I recently read a writer friend's manuscript, and while I though it was a wonderful story, I was honest with her about the fact that I thought she needed a better title. The one she had chosen felt a bit generic to me and didn't really capture the exciting nature of the book.
Titles can be a tricky business. You only get a handful of words to represent the entirety of your story, and these words will be the first impression many readers get of your work, whether they encounter it online, in a catalog, or on a spine on a bookstore shelf. It could pique their interest, make them take a closer look, or turn them off altogether. It's so important to choose your title carefully.
Some tips I think are helpful:
- The title should reflect the tone of the book. You obviously wouldn't want to slap a humorous title on a book with a dark, serious tone. The title should hint to readers what they can expect inside. I think Lemony Snicket's A Series of Unfortunate Events titles (The Bad Beginning, The Reptile Room, The Wide Window, The Austere Academy, etc.) do this perfectly. Not only do you get a sense of the rather bleak tone of the books from both the series title and the individual book titles, but these also hint at the dark humor and playfulness of the stories themselves.
- Specific is better general. The title of one of my favorite childhood books, The Pokey Little Puppy, wouldn't have nearly the same charm if the author had just called it The Puppy. Harry Potter and the Sorcerer's Stone is a highly specific title, making use of both the main character's name and the object forming the main storyline. It's much more personal, exciting, and appealing than a generic title. Can you imagine if it had been called something like The Wizard School? Not nearly as catchy, or, to segue into the next bulletpoint, unique.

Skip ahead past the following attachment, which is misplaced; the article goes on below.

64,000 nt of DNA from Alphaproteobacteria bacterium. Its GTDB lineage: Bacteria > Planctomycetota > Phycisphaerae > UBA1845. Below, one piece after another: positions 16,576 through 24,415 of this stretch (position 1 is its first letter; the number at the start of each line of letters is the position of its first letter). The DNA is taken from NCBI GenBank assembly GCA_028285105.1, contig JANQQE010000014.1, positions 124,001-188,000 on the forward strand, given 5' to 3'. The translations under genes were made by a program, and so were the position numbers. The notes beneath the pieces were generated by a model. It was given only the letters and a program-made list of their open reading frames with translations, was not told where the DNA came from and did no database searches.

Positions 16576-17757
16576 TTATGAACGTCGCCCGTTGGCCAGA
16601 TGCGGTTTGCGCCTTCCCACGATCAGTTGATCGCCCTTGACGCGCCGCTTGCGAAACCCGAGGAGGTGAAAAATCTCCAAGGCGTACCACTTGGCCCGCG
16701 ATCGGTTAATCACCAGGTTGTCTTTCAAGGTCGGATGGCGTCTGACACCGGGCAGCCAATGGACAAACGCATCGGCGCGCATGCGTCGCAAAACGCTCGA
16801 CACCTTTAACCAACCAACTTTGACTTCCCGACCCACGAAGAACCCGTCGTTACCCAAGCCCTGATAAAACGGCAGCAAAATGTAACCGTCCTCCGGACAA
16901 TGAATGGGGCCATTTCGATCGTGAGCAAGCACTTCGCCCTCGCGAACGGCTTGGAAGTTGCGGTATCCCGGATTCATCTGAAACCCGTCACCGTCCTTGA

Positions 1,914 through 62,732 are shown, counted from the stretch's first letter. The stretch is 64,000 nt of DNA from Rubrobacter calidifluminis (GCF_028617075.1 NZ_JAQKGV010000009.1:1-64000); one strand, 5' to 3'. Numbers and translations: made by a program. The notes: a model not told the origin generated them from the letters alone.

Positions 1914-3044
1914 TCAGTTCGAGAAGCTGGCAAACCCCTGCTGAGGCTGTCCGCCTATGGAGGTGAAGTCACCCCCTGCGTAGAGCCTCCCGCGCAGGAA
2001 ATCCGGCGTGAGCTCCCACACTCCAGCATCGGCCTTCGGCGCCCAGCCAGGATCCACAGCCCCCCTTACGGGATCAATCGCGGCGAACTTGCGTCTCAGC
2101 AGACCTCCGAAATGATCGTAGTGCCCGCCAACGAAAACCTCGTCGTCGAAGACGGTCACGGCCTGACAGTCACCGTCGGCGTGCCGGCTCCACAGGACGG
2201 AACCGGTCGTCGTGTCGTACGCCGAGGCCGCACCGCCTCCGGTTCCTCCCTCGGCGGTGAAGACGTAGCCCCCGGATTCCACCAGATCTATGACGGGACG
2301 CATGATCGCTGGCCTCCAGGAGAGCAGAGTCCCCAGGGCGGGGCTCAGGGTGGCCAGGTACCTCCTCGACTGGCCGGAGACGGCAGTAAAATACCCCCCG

- Unique is important. If someone googles your book title or searches it on Amazon or types it into a library catalog, you want it to come up. Something like Little Lamb is going to bring up a gazillion hits. Something like From the Mixed Up Files of Mrs. Basil E. Frankweiler is going to hit home--not to mention it really makes the book stand out.
- Titles that create suspense or intrigue are doing their job. If it piques the reader's interest, arouses curiosity, or creates suspense, a reader will pick up the book or read its description to find out more. One of my childhood favorites was The Secret Garden. The word "secret" gives that title a wonderful air of suspense. Why is the garden secret? Who would make a secret garden? It is secret because it's dangerous or hidden in some way? Perhaps I should pick up the book to find out more...
- A lot of middle grade books seem to include the main character's name in the title. The Tale of Desperaux, the Harry Potter books, the Ramona books by Beverly Cleary. This seems especially true when the character is particularly colorful and distinctive, perhaps hinting that the character is going to be driving force behind the story. This might be a good technique if you have a real stand-out main character--or a character with a really interesting or unique name.
What are your favorite tips on titles?